Workers push to finish the new World Trade Center Path train station, designed by architect Santiago Calatrava, in New York, U.S., on Friday, Feb. 19, 2016. The total cost of the World Trade Center rebuilding project will come in at the lower end of the $14.8 billion to $15.8 billion range projected four years ago, a Port Authority of New York and New Jersey official said. Photographer: Victor J. Blue/Bloomberg via Getty Images
Architect Santiago Calatrava walks into the new World Trade Center PATH train station he designed in New York, U.S., on Friday, Feb. 19, 2016. The total cost of the World Trade Center rebuilding project will come in at the lower end of the $14.8 billion to $15.8 billion range projected four years ago, a Port Authority of New York and New Jersey official said. Photographer: Victor J. Blue/Bloomberg via Getty Images
The World Trade Center site is shown on Friday, March 9, 2007 in New York. Construction began last spring on the Freedom Tower, the planned 1,776-foot skyscraper being built to replace the fallen twin towers. The tower is the tallest and most symbolic of five office buildings planned to replace the destroyed trade center complex. A Sept. 11 memorial, transit hub and performing arts center are also planned. (AP Photo/Mark Lennihan)
Spanish architect Santiago Calatrava, left, explains the model of the transit hub linking ferries, commuter trains and 14 subway lines to the World Trade Center site he designed to New York Gov. George Pataki, second from left and New York City Mayor Michael Bloomberg, right, during a news conference to unveil the plan, Thursday, Jan. 22, 2004 in New York. (AP Photo/Mary Altaffer)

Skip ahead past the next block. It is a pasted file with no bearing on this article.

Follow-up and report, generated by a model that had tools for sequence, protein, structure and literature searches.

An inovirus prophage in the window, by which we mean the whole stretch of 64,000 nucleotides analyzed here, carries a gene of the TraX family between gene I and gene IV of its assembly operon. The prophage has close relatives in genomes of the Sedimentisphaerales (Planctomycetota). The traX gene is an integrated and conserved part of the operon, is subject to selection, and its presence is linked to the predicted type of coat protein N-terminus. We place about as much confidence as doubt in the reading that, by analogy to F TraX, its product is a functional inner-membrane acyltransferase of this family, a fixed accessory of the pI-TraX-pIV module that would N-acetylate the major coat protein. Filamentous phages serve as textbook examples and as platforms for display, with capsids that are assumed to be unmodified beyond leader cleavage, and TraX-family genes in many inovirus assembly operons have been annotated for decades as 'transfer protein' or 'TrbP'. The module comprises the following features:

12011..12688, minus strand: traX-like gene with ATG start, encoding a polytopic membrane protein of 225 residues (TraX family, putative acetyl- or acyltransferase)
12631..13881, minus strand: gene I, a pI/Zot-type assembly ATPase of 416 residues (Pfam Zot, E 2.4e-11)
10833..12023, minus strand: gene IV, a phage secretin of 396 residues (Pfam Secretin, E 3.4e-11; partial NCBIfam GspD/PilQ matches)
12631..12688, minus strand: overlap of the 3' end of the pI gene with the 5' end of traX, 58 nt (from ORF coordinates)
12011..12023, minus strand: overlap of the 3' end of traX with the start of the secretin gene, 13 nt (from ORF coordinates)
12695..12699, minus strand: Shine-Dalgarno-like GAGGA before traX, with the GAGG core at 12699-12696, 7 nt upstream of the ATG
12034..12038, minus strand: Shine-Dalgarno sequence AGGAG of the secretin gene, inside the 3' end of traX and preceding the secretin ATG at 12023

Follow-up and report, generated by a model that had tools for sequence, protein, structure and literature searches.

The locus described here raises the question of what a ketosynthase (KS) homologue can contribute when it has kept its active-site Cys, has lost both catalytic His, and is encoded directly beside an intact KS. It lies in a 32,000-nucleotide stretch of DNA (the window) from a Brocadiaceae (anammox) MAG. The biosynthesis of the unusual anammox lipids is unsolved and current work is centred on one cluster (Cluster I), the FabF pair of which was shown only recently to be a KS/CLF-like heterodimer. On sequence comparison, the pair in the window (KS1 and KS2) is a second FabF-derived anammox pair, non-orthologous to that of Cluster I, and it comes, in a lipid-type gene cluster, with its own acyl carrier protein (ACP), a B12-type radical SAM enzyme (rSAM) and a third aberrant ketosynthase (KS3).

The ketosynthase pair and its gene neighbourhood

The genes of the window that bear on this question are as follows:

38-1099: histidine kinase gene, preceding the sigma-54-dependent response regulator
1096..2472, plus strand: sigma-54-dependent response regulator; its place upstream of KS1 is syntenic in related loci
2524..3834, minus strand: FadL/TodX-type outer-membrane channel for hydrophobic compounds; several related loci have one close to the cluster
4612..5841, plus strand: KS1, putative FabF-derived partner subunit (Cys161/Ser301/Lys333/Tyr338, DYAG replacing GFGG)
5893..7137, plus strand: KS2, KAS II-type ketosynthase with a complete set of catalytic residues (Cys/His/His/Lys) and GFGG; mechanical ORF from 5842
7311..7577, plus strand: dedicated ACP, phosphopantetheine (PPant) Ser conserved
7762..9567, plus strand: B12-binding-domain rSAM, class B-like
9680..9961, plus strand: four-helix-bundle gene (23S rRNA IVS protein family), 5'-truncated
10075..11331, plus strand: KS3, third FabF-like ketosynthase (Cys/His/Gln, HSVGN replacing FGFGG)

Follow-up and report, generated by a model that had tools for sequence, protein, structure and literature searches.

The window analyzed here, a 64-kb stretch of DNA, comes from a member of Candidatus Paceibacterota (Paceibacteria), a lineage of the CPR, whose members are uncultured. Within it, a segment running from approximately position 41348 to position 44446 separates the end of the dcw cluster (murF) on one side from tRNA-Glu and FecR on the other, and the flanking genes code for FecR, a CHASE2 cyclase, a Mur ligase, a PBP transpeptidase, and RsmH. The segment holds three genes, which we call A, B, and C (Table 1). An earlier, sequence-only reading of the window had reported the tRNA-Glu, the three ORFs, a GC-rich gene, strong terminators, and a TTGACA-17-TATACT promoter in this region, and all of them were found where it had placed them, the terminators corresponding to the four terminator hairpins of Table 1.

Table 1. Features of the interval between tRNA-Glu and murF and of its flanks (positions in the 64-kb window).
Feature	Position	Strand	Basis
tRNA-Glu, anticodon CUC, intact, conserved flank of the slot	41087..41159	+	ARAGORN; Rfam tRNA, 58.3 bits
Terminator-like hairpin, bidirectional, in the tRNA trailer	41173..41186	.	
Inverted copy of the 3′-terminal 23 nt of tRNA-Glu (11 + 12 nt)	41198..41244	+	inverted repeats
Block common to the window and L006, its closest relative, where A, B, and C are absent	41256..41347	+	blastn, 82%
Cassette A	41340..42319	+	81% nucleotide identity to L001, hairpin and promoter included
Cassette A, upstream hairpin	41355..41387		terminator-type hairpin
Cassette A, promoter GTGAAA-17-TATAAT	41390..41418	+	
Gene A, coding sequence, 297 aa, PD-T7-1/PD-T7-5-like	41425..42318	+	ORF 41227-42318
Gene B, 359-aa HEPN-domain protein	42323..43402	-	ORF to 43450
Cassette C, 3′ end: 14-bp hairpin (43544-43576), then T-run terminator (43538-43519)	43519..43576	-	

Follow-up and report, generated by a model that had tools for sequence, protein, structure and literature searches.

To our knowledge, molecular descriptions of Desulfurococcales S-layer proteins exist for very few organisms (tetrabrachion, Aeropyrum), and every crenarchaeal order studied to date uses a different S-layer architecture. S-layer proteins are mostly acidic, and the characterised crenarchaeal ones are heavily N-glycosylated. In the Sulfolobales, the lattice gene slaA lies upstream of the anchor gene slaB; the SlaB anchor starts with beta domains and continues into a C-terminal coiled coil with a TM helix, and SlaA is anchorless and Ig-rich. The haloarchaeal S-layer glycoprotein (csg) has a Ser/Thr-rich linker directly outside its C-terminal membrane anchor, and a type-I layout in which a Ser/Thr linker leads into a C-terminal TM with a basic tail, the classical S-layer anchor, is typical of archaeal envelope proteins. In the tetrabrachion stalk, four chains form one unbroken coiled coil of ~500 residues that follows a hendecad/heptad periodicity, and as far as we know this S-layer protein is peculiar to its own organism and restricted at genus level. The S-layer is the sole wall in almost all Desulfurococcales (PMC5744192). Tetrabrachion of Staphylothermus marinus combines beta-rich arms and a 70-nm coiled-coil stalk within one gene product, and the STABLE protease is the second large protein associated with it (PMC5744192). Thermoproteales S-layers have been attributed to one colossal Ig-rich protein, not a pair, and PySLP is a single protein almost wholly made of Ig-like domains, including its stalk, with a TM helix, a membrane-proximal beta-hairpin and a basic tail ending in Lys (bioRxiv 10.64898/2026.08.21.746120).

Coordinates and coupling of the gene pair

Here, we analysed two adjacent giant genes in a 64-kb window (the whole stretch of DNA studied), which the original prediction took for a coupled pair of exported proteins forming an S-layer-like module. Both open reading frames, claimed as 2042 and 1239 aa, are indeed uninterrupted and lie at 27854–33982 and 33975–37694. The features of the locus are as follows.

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Resembling Spanish architect Santiago Calatrava's vision of a dove released into the air from a child's hands, Oculus has a practical purpose: To rebuild the PATH terminal that was destroyed when the Twin Towers collapsed in the Sept. 11, 2001 attacks.

But it also symbolizes the rebirth of Lower Manhattan after the devastation of 9/11 and the dark days that followed.

With a final price tag of $4 billion, twice the estimate when it was unveiled in 2004, the soaring space has been described by some residents as an architectural wonder and by others as an eyesore.

The white steel and marble structure is dramatic to behold, with two metal-ribbed wings springing out from an elliptical shaped transit hall that is roughly the size of a soccer field.

Its soaring glass roof is meant to bring natural light to the 250,000 commuters expected to travel through the hub each day, even those on the PATH train platform 60 feet (18 meters) below the street.

In remembrance of the nearly 3,000 people who lost their lives in the 9/11 attacks, the project features a 330-foot (100-meter) retractable skylight that will be open on temperate days as well as annually on Sept. 11.

Cafes and stores are expected to fill its 75,000 square feet (6,967 square meters) of retail space, and draw many of the estimated 17 million tourists forecast to visit Lower Manhattan in 2019.

The project, destined to appear in iconic photos depicting the sights of New York City, has taken years longer than expected to complete, making it one of the most expensive and delayed train stations ever built.